Contributor Archives: Dano Pendygrasse
Over the course of a little over a year I’ve shared some parts of my creative process in photography. In the end I tried out a bunch of different cameras to solve a creative problem and came up with a pretty good solution. But when that story ends, another begins and the search for a different tool takes over. Read more
The thing about creativity is that it’s not a tangible thing. You can’t go to the store and pick up a quart of creativity every time you need it, and because of this cruel reality there are times when the creative well runs dry. I suppose that it’s all in the eye of the beholder anyway, I mean, it’s likely that very few people pay close attention to the output of any one artist to the degree that they could sense an ebb in output in the span of a few months. Still, when you’re in the desert, it feels like everyone knows you’re blowing it and that can add to a creative slump. Read more
Last time I took you diving, but I still hadn’t found the camera I was looking for. I’d reached the end of the road with what I could accomplish with the Canon G9 and its successors weren’t moving in a direction that I liked. I needed more resolution and flexibility in a small package. Fortunately in the summer of 2009 Panasonic announced the GF1 micro four thirds camera and many of my questions were answered. The GF1 is a mirrorless system, so it’s small, but it has a large sensor so it makes good images. It was bigger than the point and shoot, but the size was worth it. Read more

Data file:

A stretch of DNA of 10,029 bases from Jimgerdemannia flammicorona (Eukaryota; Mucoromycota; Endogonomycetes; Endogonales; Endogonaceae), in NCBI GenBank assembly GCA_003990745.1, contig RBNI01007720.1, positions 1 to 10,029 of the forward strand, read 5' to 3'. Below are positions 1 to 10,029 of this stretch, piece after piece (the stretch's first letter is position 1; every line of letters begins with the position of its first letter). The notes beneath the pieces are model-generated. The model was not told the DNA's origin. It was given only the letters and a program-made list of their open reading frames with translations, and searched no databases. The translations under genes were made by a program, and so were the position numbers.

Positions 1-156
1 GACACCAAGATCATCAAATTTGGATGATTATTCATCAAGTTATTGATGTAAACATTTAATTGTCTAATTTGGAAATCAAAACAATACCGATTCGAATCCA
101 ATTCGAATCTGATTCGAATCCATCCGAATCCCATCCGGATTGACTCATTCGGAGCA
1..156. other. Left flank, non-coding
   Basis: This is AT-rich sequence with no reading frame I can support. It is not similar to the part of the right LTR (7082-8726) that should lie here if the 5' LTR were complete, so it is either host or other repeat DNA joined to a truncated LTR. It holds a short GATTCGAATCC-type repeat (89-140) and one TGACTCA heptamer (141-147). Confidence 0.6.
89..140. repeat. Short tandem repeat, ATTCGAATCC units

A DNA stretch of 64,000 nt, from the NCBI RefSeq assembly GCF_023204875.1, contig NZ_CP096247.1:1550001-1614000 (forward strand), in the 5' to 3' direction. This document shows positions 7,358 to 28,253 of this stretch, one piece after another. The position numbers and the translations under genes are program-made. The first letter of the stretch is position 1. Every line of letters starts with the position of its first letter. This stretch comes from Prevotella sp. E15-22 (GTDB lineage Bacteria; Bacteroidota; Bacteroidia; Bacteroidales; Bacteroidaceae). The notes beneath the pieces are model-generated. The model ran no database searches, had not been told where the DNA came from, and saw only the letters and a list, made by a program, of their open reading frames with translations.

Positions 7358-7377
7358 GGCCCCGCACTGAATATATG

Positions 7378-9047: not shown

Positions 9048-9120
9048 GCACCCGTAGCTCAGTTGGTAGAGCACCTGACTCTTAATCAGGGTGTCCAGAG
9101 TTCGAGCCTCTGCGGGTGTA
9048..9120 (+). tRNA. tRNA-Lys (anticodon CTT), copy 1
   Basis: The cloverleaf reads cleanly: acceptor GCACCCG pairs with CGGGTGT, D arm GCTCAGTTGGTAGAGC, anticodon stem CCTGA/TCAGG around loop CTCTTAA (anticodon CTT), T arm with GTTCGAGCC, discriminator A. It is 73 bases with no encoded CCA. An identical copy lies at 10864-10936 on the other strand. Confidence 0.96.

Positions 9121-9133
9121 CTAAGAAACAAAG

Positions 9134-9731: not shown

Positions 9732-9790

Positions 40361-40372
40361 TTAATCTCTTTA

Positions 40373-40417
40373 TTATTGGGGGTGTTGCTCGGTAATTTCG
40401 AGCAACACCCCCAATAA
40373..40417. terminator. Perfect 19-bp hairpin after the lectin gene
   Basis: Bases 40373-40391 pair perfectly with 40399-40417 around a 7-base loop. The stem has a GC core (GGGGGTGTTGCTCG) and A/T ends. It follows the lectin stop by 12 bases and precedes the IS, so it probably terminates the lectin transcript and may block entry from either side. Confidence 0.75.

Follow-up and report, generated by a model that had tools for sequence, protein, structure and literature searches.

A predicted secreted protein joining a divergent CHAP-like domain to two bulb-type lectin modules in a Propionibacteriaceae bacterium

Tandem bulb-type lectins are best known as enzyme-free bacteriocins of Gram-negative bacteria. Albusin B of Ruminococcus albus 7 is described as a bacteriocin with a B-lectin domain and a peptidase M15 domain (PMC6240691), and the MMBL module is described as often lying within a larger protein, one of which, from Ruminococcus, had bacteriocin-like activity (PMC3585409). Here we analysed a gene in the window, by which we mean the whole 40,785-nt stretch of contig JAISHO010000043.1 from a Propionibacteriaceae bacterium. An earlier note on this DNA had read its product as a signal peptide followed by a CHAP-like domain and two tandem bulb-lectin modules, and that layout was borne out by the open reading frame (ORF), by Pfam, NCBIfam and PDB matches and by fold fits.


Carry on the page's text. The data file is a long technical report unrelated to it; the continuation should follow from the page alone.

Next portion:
Around the time I became a convert to small cameras, I started scuba diving a lot. Obviously the two things would eventually meet and I’d get hooked on shooting underwater photos. I was torn because underwater photography is probably the most expensive form of photography I can think of, and it’s also incredibly difficult and prone to disaster. The thing about taking electronics a hundred feet underwater is that, well, they get flooded and ruined. A lot.
After some deliberation, I found myself a convert to using smaller cameras. As a result of switching to smaller cameras, I had my trusted Canon g9 with me at all times. What I still hadn’t figured out though, was what I wanted to take pictures of. This is still part of a long process that continues to this day. The first step in figuring out what to shoot was to document my steps…….. Read more
The one thing I knew for sure when I stopped shooting photos of action sports was that I wasn’t going to stop taking photos. I simply couldn’t. As much as the creative life is like a cruel pendulum sometimes, with swings of deep dissatisfaction and swings that feel like brilliance, the one thing I knew for sure was that taking photos was no longer something that I had the option to do. I had grown to the point where if I went any length of time without shooting something good, a part of me started to feel off. It was akin to going a long time without sex. It doesn’t kill you, but it grinds away at your soul until you finally have to scratch that itch.